In the final article in the Lessons from India series, Jo Bibby reports about the improvement measures and innovative use of data by providers in the country
An iPad was at the end of each bed at Narayana Health, allowing records to be updated and viewed real time
Given the methods supporting improvement are not a mystery – know your process, standardise for reliability, embed measurement and use feedback – coming across anything new is unusual.
This applied to the systems we visited. The presentations were arguably no different to what I see in the UK.
Yet there was a difference in the positioning of improvement in the organisation and the sophistication with which the principles were applied.
For the mission orientated chief executives we met, quality improvement was not an add on, it was the delivery model.
‘Where evidence exists, it is adopted. There is rigorous emphasis on measurement’
The focus on standardisation was relentless, but at Narayana Health the sophisticated feedback ensured that it did not constrain innovation.
It was accepted that, at times, it will be necessary to deviate from protocols to get better outcomes.
Deviations are reviewed so that, where advantage is shown, the standard protocol can be changed.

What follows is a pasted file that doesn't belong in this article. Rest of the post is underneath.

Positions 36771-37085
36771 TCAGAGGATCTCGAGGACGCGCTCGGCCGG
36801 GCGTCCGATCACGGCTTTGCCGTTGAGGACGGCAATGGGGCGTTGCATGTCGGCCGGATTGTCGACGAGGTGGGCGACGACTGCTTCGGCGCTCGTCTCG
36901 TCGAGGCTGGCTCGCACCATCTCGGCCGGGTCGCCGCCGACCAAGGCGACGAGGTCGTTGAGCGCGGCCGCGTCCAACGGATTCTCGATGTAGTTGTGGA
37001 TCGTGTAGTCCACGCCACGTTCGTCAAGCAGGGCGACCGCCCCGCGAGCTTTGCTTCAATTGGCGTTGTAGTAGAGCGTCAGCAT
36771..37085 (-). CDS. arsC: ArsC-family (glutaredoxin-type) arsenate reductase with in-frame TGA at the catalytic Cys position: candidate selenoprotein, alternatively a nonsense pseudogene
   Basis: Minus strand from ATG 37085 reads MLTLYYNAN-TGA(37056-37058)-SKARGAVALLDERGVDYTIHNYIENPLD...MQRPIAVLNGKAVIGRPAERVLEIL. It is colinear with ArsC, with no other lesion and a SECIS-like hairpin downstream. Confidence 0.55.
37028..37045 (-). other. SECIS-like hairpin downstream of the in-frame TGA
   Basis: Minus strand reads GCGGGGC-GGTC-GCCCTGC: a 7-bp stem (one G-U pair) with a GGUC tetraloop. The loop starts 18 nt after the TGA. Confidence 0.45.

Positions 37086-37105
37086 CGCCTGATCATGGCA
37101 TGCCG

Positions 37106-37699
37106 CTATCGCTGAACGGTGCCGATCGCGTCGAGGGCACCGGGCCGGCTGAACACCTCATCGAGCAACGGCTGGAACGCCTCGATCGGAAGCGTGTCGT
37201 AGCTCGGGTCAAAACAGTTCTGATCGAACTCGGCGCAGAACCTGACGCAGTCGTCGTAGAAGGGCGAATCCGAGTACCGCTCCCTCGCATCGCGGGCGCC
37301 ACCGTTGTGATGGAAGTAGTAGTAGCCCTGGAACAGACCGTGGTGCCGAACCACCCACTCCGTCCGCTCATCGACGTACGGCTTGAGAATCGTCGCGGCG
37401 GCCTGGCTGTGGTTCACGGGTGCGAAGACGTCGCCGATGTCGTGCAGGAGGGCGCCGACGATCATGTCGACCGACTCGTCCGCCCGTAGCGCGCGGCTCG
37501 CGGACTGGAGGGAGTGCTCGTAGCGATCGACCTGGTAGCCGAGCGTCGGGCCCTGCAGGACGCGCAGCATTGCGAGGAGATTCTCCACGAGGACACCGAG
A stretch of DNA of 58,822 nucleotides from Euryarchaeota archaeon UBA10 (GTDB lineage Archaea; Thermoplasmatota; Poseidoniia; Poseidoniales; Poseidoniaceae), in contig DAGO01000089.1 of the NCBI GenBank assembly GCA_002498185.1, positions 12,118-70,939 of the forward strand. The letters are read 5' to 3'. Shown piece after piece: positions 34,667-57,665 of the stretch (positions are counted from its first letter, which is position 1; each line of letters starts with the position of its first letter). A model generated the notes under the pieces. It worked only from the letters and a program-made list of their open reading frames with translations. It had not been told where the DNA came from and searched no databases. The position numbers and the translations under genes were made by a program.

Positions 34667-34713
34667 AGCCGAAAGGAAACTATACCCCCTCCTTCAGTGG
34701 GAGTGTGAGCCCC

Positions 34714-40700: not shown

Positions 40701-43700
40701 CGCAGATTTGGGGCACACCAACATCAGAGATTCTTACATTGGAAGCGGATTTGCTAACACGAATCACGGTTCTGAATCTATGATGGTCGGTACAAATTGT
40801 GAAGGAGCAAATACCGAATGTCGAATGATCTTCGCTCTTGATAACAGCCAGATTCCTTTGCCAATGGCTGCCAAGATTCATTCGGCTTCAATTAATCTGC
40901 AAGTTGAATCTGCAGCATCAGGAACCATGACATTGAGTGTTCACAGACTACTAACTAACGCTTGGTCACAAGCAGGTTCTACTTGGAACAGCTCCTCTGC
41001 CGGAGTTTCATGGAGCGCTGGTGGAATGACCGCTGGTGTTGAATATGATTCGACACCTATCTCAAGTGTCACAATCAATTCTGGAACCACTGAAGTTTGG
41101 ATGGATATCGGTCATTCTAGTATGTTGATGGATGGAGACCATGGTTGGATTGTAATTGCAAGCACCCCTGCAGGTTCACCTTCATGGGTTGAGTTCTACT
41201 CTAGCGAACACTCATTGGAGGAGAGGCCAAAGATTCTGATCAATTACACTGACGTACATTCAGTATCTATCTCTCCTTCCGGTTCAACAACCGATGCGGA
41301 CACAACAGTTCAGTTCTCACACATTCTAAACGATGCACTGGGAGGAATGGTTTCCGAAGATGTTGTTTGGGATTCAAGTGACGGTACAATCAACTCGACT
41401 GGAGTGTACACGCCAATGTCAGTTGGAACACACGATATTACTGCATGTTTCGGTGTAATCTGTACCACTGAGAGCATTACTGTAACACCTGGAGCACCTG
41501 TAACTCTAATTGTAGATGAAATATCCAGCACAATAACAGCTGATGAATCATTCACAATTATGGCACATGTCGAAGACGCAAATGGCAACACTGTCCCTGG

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In the UK the absence of clear evidence often becomes a barrier to agreeing standard processes. The Indian healthcare system seems to have sidestepped this issue.
Where evidence exists, it is adopted. Where evidence is uncertain, the drive for efficiency becomes the determining factor in creating a standard process.
‘This was not about data for external display, it was data for internal learning and improvement’
This might be concerning if it were not for the rigorous emphasis on measurement.
At LV Prasad Eye Institute everyone is encouraged to take responsibility for the quality of the care, from security guards to surgeons.
Data is routinely collected against 64 metrics and run charts are reviewed regularly to identify any trends and areas for improvement.
I was struck by a real moment of authenticity when their head of quality presented run charts showing their unplanned returns to theatre increasing and explaining the causes and the actions to get things back on track.
This was not about data for external display, it was data for internal learning and improvement.
Jo Bibby is director of strategy at the Health Foundation. Photos by John Illingworth, policy manager at the Health Foundation
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Lessons from India: 'The focus on standardisation was relentless'